Vishal Bhardwaj is a genius. He writes lovely music, compelling screenplays and makes wonderful movies. So I was thrilled to see that a movie he made in 2005 (before Omkara) was finally out on DVD. It is based on a novella by Ruskin Bond, and takes place in a small village in Himachal Pradesh—the scenery is breathtaking and of course the cinematography does it full justice. And the music doesn’t suck either. The film has been billed somewhat as a children’s story but it’s really for anyone who enjoys a good story and a beautiful film.
The performances from the cast are stellar. Pankaj Kapur plays a miserly old tea-stall owner named Nandu who delights in separating people (especially kids) from their money. One of the village girls, Biniya (Shreya Sharma) is watching her goats one day when a blue umbrella floats down out of the sky and lands by her. It belongs to some Japanese tourists who trade it to her for a bear claw necklace that is her “lucky charm”.
The umbrella is Biniya’s pride and joy, and the object of much envy in the village. Nandu in particular covets it; he offers Biniya sweets, biscuits, even money, but she won’t give it up. He finds a similar pink one in the city, but it is prohibitively expensive at Rs 2500. His longing for the umbrella obsesses him:
He’s not alone, however; and when the umbrella goes missing one day the villagers’ schadenfreude over Biniya’s loss is palpable. She is devastated and suspects Nandu of stealing it; she even gets the police to search his house, but it’s nowhere to be found. Nandu is angry and swears that he will stop eating the pickles that he loves until he has his own umbrella. Then one fine day, the pink umbrella arrives at his house and now he is the one envied by the whole village.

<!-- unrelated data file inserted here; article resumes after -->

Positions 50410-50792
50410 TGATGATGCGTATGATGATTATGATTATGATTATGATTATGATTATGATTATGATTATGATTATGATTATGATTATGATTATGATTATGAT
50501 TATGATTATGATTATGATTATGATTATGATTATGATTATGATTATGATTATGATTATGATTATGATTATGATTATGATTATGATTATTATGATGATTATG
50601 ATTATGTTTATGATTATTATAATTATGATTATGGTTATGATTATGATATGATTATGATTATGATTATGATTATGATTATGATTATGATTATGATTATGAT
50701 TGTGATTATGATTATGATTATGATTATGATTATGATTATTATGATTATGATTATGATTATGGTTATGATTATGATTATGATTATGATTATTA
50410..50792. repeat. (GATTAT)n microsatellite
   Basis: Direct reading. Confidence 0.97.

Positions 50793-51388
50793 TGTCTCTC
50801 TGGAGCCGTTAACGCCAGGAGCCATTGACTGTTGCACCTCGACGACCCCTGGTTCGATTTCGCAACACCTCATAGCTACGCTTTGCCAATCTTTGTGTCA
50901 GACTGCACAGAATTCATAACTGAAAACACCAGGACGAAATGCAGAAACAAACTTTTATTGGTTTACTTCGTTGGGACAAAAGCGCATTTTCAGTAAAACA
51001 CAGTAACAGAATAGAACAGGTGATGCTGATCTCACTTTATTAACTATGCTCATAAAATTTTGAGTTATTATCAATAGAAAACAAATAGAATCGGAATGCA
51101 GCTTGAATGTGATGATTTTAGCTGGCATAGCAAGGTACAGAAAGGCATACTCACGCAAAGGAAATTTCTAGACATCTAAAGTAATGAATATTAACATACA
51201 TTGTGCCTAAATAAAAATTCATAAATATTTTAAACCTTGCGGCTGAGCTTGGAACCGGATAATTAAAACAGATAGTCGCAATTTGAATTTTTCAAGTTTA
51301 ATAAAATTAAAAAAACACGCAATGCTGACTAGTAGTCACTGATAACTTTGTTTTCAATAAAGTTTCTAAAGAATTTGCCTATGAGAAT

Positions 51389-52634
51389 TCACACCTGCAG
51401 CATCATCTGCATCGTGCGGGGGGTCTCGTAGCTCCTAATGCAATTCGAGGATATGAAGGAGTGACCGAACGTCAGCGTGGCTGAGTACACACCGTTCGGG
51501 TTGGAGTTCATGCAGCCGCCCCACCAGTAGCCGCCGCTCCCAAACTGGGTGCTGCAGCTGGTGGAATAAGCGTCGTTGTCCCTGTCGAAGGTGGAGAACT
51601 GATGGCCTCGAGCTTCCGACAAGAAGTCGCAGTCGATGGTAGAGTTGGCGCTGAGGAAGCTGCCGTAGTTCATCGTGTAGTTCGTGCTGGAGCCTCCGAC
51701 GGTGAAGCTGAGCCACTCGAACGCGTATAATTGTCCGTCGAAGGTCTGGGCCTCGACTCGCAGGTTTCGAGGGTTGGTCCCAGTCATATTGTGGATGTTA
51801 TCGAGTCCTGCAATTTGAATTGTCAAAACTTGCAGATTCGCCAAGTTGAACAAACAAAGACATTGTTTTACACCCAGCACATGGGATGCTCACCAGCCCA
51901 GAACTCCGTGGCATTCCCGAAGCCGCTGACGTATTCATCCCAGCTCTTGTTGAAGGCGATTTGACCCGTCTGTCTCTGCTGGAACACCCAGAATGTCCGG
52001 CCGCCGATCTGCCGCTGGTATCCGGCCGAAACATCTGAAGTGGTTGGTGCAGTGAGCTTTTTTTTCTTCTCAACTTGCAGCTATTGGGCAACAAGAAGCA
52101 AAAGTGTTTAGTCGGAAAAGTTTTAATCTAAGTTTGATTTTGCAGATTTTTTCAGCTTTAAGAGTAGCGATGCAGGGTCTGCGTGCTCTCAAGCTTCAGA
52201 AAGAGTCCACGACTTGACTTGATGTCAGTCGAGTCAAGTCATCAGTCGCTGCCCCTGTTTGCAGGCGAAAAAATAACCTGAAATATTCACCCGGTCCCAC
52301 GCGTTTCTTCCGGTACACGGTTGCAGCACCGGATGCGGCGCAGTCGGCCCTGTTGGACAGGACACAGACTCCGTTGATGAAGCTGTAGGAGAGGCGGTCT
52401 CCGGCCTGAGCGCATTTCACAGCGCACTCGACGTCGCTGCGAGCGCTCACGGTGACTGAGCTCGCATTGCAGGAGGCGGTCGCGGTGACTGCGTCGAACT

But what has happened to the blue umbrella? Will Biniya find it? This is when the movie really begins to shine. Biniya’s discovery of the thief, the consequent ostracization and suffering of said thief, and Biniya’s growing awareness of what is really important in life, is compelling watching; and the end is as satisfying as a good, well…mango pickle!
The music is fantastic. Mr. Bhardwaj composed it (naturally) and Gulzar wrote the lyrics, which—happily for me—are subtitled. There are only 3 songs (and background music), but they are all wonderful. My favorite is “Tesoo”, the opening children’s song and dance which introduces the viewer to the people of the village. It is infectious and beautifully choreographed and shot (and forget the umbrella—I want the puppet!).
Vishal Bhardwaj is a genius.